he was wearing a mask over his face and was a very pale. David had been indirectly around this world long enough to assume that this kid was post-op transplant and by the looks of him, pretty recently.
“Hey, Jason! You doing alright?” the tall one who was apparently Dr. Nate said and fist bumped the boy.
“Thanks for letting me come.” the boy said.
“Yes, thank you,” his mother echoed.
“You’re welcome, just take it easy, no running around, hanging from chandeliers, or hitting on pretty girls, alright.?I don’t want the competition.” he winked and the kid who, even from behind his mask, crinkled his face so much that it was clear the idea of hitting on girls was gross.
Give him a year, David thought, and then morbidly, Hope he has a year.
“Go have some fun,” the doctor insisted, “but when mom says it’s time to go, you’re done. Ya got me?”
He put up two fingers and gave the boy the I got my eyes on you signal. The boy nodded in agreement and was wheeled away.
It took a really special kind of person to work with sick kids, David observed. He remembered when Carrie’s sister was so sick. He’d spent a lot of time at the hospital and it gave him the willies. But her doctor’s were so cheerful and upbeat all of the time. He didn’t know how they did it.
‘What can I get you?” the bartender asked, snapping out of his thoughts.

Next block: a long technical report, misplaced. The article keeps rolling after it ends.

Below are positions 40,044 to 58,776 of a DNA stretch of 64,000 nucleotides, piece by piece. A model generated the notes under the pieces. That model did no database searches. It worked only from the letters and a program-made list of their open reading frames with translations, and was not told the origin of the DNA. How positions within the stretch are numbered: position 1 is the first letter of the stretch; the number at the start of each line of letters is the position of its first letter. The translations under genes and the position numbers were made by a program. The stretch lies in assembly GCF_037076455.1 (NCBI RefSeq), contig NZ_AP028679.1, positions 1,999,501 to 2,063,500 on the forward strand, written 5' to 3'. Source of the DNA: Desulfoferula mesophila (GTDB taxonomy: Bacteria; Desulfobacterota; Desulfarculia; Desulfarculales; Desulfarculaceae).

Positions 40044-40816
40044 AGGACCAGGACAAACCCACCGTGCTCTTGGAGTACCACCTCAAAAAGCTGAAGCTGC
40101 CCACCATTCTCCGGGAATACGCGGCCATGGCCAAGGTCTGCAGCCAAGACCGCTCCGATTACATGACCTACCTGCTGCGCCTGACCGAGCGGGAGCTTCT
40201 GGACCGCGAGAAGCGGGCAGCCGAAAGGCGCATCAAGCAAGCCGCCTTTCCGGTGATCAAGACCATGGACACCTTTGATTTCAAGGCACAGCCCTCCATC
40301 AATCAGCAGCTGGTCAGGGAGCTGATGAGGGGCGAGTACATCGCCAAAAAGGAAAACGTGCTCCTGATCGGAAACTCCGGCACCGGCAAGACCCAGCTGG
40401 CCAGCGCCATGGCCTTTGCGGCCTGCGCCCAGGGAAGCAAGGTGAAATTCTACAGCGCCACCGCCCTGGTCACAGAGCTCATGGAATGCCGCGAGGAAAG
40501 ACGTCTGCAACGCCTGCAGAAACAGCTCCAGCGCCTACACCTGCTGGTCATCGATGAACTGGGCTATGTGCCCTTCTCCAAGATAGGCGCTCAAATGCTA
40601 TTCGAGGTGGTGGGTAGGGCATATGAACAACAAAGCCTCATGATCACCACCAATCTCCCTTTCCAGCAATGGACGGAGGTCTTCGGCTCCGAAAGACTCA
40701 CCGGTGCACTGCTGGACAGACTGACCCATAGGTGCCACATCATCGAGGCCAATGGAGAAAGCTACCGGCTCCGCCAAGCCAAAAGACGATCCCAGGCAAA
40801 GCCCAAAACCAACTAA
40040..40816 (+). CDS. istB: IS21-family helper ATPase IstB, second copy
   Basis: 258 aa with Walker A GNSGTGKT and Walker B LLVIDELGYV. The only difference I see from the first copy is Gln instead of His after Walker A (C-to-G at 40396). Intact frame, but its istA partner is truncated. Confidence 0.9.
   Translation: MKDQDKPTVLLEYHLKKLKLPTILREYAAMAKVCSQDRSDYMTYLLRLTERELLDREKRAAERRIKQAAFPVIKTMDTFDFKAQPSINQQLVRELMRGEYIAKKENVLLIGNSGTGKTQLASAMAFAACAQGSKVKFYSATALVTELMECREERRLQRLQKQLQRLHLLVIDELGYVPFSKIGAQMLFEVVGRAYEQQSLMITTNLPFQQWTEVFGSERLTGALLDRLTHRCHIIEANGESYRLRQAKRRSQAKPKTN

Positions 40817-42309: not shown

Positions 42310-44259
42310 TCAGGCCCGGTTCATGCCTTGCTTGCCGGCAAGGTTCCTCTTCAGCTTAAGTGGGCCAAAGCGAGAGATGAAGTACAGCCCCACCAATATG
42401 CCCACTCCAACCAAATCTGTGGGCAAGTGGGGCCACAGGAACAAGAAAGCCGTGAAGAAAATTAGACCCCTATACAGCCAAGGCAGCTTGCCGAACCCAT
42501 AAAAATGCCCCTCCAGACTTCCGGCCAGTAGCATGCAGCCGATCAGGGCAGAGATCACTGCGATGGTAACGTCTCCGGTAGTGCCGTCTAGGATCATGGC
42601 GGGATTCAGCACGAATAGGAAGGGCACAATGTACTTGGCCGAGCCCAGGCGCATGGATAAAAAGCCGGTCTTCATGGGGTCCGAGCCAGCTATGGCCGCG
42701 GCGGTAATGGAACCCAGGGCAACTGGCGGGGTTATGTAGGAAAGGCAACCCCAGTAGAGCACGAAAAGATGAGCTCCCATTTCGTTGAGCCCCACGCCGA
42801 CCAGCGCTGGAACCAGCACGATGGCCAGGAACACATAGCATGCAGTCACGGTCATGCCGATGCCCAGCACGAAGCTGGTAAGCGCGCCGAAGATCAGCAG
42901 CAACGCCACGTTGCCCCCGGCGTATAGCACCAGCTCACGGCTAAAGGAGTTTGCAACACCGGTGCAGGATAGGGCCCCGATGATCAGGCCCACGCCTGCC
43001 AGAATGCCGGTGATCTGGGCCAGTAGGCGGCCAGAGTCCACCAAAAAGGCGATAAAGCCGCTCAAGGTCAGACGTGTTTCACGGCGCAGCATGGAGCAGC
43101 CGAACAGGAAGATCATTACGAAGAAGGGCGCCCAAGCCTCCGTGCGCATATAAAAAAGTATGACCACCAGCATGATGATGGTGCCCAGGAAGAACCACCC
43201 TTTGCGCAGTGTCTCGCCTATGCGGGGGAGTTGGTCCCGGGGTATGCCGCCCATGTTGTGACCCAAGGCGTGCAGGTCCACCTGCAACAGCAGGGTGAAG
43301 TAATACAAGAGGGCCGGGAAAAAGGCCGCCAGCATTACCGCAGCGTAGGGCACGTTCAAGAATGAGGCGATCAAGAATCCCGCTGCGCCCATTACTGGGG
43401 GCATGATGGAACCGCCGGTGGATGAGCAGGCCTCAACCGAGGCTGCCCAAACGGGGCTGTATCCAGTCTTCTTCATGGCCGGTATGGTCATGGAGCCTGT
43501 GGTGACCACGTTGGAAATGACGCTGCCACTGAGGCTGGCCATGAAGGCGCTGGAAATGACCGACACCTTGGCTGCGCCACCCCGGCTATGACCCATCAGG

“Oh, uh, whatever red you have, Cabernet preferably,” David said., “Oh, and whatever these guys are having.” He stuck a thumb back at the two doctors.
Nate and Gabriel turned their attention to David.
“Oh, that’s nice of you, man. You don’t have to do that.” the one, not Dr. Nate said.
“No really,” David said and stuck his hand out. “Dr.?”
“Just Nate,” shaking David’s hand. “I’m just having a water. I have a speech to give.” he nodded his head toward the front of the room and shuddered.
“David Troy,” David laughed and looked over to the other guy.
“Yeah, sure.” Gabe nodded at David’s wine. “Whatever you’re having, thanks.” returning then to the room, scanning it as if looking for someone.
“One more Cab and a water please,” David asked the bartender, handing him a $100. All tips became donations to various organizations that were represented at the event.
“That boy?” David asked, “is he going to be okay?”
“Yeah, I mean, no guarantees, but so far…” Nate assured. “What brings you here?”
“Oh,”David said sipping his his wine, “I’m on the board of Living Legends. I’m here most years.”
“Oh, yeah, I’ve heard of it,” Nate said, impressed.
The bartender handed over two more glasses of wine just a Carrie and Legacy walked into the building.
Nate started to say something else but David cut him off. “Well, the rest of my group is here. Good luck.” he patted Nate on the shoulder.
“Yeah, thanks. Good meeting you.” Nate headed toward the front of the room that had been set up with a podium and a sort of backstage area walled off with a few partitions to hide the electrical cables and other unsightly necessities.
“Heeeeyyy,” David yelped talking only a few big steps to get to Carrie and Legacy. He hugged Legacy first and then picked Carrie up, squeezing her tight.